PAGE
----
Cherry tree: everything you need to know

The cherry tree is a fruit tree that is part of the Prunus genus and belongs to the Rosaceae family.

The tree is native to Greece and it was the Romans who spread it to the rest of the countries where the cherry or morello cherry, the fruit of the cherry tree, is now consumed on a regular basis like any other fruit.

There are different types of cherry trees, but in Spain the cherry tree from Valle del Jerte is extremely well known for being a cherry-growing area in terms of quality and quantity.

Regarding the appropriate climatic conditions for the cherry tree, we can say that it is a flexible tree that adapts to different terrains belonging to temperate climate zones .

It is a cold-tolerant tree that can withstand temperatures down to -20ºC, but the flowers can be damaged from -2ºC.

In any case, the cherry tree has a late flowering that allows it to survive late spring frosts, those to which most fruit trees are so sensitive, especially those that have early flowering.


The cherry tree is a deciduous tree that can reach 25 meters in height and 0.60 meters in diameter. The bark of its trunk is smooth and a very characteristic dark brown with reddish tones. The trunk is straight and the crown quite narrow, especially in the forest environment. The branches are grouped in annual crowns.

In youth, the bark is bright reddish gray, smooth with abundant whitish lenticels. Later horizontal bands form, and then plates, which crack. However, the crust may stay smooth for a long time.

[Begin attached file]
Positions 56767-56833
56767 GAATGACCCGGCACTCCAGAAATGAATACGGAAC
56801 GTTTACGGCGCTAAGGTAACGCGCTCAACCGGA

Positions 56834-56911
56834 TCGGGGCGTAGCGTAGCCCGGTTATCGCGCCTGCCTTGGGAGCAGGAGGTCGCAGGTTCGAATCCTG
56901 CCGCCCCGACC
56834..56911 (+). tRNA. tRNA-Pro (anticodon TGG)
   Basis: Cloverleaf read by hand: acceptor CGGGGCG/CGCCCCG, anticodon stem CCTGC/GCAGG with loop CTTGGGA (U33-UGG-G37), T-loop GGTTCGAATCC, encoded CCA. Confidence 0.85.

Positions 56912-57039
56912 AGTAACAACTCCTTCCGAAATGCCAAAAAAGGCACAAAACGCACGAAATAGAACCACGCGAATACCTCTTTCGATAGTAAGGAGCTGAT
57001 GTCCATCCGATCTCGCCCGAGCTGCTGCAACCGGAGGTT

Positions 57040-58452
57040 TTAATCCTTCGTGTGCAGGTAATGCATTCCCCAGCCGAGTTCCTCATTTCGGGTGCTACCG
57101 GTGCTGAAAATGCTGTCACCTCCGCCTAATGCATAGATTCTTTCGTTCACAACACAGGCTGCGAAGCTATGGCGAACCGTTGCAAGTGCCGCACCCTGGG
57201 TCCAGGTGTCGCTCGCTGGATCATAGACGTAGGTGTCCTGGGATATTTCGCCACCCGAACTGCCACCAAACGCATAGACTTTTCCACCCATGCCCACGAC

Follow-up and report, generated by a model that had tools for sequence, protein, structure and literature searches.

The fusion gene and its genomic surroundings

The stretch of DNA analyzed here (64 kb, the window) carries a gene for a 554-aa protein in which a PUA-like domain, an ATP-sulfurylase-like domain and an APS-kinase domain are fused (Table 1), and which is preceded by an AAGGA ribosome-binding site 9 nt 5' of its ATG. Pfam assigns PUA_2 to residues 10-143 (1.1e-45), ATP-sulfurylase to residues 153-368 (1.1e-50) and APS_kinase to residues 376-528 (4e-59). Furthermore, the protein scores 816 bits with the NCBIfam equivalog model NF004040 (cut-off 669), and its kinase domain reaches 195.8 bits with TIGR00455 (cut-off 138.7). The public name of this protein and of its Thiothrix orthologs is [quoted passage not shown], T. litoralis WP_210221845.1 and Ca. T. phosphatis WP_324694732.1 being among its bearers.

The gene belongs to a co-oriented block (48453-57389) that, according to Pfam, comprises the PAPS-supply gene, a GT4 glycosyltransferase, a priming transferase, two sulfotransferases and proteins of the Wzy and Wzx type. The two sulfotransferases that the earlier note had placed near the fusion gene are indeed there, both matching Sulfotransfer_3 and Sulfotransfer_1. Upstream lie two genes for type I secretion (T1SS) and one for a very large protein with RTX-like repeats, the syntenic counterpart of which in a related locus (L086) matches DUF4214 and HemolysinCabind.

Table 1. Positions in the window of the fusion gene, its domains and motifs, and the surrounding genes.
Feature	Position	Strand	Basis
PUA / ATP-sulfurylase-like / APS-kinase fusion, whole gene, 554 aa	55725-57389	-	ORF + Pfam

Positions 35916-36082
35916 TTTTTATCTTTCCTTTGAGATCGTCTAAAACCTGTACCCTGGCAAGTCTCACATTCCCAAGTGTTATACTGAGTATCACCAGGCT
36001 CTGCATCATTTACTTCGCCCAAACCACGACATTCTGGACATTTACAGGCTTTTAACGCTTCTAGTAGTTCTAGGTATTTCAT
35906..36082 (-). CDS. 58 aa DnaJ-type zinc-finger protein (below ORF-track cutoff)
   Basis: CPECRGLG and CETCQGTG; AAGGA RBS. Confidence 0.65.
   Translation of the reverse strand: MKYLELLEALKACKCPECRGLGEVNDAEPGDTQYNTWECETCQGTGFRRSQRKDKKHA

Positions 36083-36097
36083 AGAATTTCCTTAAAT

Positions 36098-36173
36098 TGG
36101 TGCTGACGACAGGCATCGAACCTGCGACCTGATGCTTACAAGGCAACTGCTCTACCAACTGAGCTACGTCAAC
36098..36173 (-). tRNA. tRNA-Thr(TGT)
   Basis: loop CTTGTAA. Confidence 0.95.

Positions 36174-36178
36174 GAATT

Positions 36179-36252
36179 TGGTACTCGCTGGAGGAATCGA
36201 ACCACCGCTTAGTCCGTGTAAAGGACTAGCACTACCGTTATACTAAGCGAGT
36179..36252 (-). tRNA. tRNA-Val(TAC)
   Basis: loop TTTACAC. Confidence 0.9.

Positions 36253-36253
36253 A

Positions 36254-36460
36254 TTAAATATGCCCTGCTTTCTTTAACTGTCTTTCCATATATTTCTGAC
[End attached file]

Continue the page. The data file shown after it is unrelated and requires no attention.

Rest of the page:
Its leaves are more or less oval and reach 12 cm in length, with an irregular serrated edge with one or two red glands at the end of the petiole. When they fall in autumn, their color turns orange and they leave spectacular landscapes, however, in unfavorable conditions this occurs during the summer.

The flowers are white, with five petals, hermaphrodite, grouped in corymbs, cross-fertilized by insects ( bees ). Flowering occurs in the month of April / May, before the appearance of the leaves. The fruits, the cherries, develop after two months, and are of the drupe type.

Rooting depends on the characteristics of the soil. In deep terrain it forms a powerful system, contrary to what happens in shallow terrain, with an obvious danger of being carried away by the wind.

Cherry blossoms and fruit

The flowering of the cherry tree appears in small corymbs of several flowers that do not correspond to a solitary flowering or to clusters. The flowers are white with 5 petals and appear before or at the same time as the leaves.

The cherry tree seeds are spread by birds, which feed on the fruit, the cherries, although the system is not very effective due to the numerous difficulties and enemies to overcome: parasitic insects of the seeds, destruction of the seedlings for mammals (particularly cervids and rabbits), light requirements to develop, etc.

The cherry tree sprouts very well from the vine after being cut, as it has the ability to sprout from the root. The strongest regrowth occurs after a cut. In these circumstances, moreover, the young plants will probably enjoy the lighting they need to grow. This regeneration system is what causes cherry trees to often be found in small stands within forests. It is the form of reproduction that is most likely to be successful for the cherry tree, since the shoots have a lot of vitality due to enjoying an already very powerful root system.

There are different varieties of cherry. In Spain, normally, we know the typical cherries or sour cherries of the bouquet but the picotas are also very common.